"This next one's called
'Suicide City'," said Kid Strange of The Doctors of Madness. " This one's
It seemed a suitable epitaph for the first, and presumably the last, rock
festival to be held in a football stadium in Chelmsford, a town in the
Essex commuter belt, 30 miles from London.
The organisers, a group of local businessmen, needed 6,000 paying punters
to break even. In the event, they got 1,100.
Given that tickets were £3.00 in advance and £3.50 on the day, that means
that losses ran somewhere around £20,000.
From the start, no one seemed very sure whether it was a punk rock festival,
or just a rock festival with punks as extra exotic ingredients.
The message to the Conservative local authority was that it wasn't a punk
festival. Some of the bands would just play " fast Rock 'n' Roll". And
that helped to explain why it went ahead when so many others had failed
to elude the censors.
For the fans, the message was more ambiguous.
Seven out of the ten acts had New Wave pretensions. One was a reggae band,
alleged to be much favoured by punks. And the other two were the Rods
and the Lew Lewis band. If nothing else, they're newer wave than the rock
The licences of Chelmsford's pubs weren't in much doubt, though. They
closed their doors for the evening of the festival, and even during the
day, you had to sneak around the back if you wanted a drink.
It was a bit like a Californian town preparing itself for an invasion
by hordes of Hell's Angels.
When the festival was over, the good citizens could afford to laugh.
Barely half of the gallant 1,100 were punks, and only a very few were
done up in the full range of safety pins and zips. Hardly an invading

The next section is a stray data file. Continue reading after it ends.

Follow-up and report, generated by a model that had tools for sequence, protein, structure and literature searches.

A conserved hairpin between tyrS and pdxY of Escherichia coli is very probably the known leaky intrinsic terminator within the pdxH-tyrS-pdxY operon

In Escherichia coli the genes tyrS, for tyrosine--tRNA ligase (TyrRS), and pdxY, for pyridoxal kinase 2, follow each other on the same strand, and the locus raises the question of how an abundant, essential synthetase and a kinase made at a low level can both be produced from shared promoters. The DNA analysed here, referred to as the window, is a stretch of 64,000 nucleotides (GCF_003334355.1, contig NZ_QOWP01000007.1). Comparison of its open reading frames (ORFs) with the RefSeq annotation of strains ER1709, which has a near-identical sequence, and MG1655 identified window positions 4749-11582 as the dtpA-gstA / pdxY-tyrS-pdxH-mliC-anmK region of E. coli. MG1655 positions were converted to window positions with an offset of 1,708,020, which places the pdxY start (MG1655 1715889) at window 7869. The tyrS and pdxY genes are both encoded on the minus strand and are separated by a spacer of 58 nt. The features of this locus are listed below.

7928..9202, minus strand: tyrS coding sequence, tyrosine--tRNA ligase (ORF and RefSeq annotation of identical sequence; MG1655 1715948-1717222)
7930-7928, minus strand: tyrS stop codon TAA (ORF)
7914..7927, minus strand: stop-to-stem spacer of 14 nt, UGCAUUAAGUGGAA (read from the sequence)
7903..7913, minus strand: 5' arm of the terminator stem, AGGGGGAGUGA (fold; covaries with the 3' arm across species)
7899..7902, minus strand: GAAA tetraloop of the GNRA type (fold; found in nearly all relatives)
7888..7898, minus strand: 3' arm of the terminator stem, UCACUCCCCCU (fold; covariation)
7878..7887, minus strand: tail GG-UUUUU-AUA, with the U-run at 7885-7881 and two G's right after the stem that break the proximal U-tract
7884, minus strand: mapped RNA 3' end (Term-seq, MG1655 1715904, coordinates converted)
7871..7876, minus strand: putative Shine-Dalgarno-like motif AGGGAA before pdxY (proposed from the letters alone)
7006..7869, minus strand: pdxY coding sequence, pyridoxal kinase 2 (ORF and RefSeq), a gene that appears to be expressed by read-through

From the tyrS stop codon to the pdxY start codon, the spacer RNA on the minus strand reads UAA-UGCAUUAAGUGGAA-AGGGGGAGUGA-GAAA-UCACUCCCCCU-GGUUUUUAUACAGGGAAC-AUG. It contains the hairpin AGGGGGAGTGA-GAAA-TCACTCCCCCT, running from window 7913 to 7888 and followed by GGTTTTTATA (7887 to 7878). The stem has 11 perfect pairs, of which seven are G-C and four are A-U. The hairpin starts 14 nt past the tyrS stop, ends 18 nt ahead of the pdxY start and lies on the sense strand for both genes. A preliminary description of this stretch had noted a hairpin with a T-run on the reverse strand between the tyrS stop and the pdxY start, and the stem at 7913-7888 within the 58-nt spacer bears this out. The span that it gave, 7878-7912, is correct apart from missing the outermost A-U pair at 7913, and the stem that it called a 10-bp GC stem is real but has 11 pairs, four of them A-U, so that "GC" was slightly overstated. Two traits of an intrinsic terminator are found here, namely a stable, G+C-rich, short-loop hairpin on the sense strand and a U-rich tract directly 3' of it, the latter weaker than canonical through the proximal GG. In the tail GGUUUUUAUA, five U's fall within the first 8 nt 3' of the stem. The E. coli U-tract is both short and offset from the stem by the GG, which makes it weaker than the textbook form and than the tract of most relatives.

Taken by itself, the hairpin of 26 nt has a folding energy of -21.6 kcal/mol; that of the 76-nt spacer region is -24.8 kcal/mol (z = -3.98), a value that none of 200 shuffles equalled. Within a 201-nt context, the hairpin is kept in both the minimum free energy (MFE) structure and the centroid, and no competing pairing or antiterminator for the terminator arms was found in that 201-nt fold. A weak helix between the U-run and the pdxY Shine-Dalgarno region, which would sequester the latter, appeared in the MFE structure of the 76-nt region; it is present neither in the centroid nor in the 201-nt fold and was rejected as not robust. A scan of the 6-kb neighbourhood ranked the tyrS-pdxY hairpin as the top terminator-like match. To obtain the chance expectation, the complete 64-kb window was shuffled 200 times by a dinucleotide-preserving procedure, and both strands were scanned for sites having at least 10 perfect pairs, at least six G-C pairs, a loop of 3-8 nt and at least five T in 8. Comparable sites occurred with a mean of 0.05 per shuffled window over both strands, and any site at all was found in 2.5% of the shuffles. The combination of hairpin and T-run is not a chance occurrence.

The inquests began early in the day.
By the time the first band, Solid Waste, came on at noon, there were no
more than 500 people in the stadium, and they were dwarfed by the stage.
Solid Waste played an energetic set, which was met by complete indifference
and an absolute minimum of applause.
Later their singer said he welcomed the hostility of New Wave audiences
towards would be stars. It was a healthy response, he said. Then he got
very drunk indeed.
Slaughter and The Dogs easily lived up to their growing reputation, though
the singer was hard pressed to follow his remarkable arrival onstage.
He came on like an utterly deranged academic, sporting a university gown,
and with his head and shoulders totally covered in chalk dust. Once he'd
shaken that off, however, he grew increasingly less bizarre.
Despite the singer's antics, the act was very much down to guitarist Michael
Rossi, who plays blistering chords in illogical, manic progression.
Rossi's unusual dance routine suggests a baby who's spent too long in
the same nappy. No doubt he'll gain in sophistication, if he wants to.
John Peel, billed as "host" was sufficiently moved by the band to come
out from behind his turntables and take a few snaps.
was he doing at a festival that was so manifestly a failure? He just wanted
to see the bands. Believe it or not?
He thought the organisers were out of their depths. These were bands who
were great in clubs, but not in daylight.
This argument overlooks the familiar progression of club acts to bigger
venues, but no doubt helps save some face for bands deserted by their
Aswad, members of the so-called "black new wave", gave most of the other
performers on the bill a lesson in playing. Their drummer came on alone,
and performed a stunning intense solo that was almost worth the price
Sadly, Aswad played no more than two songs. They mistook the flying beer